It had been years since I’d had a good latke. That changed this weekend when my my friend said, “Come over for brunch. I’m making latkes.” I couldn’t get out the door fast enough.
After her divine latkes, I didn’t even wait a full 24 hours until I resurrected a recipe I mostly remember being taught more than 20 years ago. I was working at my first post-college job as a newspaper reporter. The office clerk was Jewish and insisted on bringing me a pile of fried latkes and doughnuts as a thank you for writing a story about Hanukkah.
Fried food when I was an impressionable 22-year-old was more valuable than cold, hard cash. There was no way I would have turned down those treats, and I knew she wasn’t going to take no for an answer. Vida was her name, and she was known for having a bit of a sassy attitude. I think she liked the fact I could keep up and sass right back.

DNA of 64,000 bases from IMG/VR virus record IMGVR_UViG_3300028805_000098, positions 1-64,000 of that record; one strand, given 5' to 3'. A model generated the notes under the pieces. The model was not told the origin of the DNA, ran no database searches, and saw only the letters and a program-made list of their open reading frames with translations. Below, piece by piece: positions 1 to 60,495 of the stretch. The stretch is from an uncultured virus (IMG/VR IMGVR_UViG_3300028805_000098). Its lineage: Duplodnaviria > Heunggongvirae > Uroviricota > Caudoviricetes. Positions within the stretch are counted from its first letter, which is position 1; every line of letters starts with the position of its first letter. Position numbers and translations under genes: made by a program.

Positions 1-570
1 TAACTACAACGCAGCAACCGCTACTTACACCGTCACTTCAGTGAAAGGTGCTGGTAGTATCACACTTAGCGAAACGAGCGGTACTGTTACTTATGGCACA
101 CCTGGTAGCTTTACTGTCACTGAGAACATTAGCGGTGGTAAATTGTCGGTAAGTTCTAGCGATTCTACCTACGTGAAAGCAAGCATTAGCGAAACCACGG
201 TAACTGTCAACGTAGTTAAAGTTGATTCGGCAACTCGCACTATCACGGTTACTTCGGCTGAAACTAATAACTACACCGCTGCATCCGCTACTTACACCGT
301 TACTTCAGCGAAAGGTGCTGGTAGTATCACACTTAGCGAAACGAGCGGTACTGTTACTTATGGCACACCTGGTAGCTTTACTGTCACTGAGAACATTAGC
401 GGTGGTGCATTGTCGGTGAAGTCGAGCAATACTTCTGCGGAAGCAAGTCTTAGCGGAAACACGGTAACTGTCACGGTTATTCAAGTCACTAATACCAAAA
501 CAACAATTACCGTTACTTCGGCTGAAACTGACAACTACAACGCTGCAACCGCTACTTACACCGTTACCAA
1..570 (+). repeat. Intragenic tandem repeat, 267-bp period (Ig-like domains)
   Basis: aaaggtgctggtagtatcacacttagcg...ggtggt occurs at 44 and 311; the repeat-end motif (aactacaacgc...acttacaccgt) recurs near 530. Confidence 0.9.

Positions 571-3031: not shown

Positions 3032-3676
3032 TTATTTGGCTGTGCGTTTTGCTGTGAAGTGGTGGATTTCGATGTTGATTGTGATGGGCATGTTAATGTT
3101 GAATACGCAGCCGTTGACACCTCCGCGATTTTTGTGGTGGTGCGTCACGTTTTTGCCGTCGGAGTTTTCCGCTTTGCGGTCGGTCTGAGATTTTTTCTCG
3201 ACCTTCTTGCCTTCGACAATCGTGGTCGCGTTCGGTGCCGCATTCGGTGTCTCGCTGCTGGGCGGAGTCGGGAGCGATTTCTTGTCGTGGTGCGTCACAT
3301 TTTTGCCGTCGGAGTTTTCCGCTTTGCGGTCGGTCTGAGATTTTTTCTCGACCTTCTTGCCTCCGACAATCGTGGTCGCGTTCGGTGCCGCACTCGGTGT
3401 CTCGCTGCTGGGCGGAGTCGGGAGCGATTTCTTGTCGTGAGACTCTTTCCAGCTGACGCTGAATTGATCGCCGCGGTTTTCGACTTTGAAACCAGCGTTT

This is my simplified version of a traditional latke recipe that will result in crispy, fried pancakes in less than half an hour. I think they would make Vida proud.
- 2 medium russet potatoes
- 1/2 yellow onion, peeled
- 1 large egg
- 1/2 teaspoon salt
- 1/4 teaspoon ground black pepper
- 1/4 cup vegetable oil (plus more, if needed)
- Sour cream and applesauce for serving
Scrub and rinse potatoes, leaving skins on. Using a box grater, shred potatoes and set aside. Shred 1/2 yellow onion and add to potatoes in cheesecloth or paper towels.
Wring out excess water, removing as much moisture as possible. Add potato and onion shreds to a medium bowl and separate with a fork. Let dry for about 10 minutes to ensure as much moisture is removed as possible.
Whisk in egg, salt and pepper.
In a large skillet over high heat, add 1/4 cup vegetable oil. Once oil is hot, drop latke mix in using a 1/4 cup measuring cup. Smash down with a fork and fry for 3 to 5 minutes per side until extra crispy.
Transfer latkes to a cooling rack over a sheet pan or on a paper towel-lined plate to remove excess oil. Serve warm with sour cream and applesauce.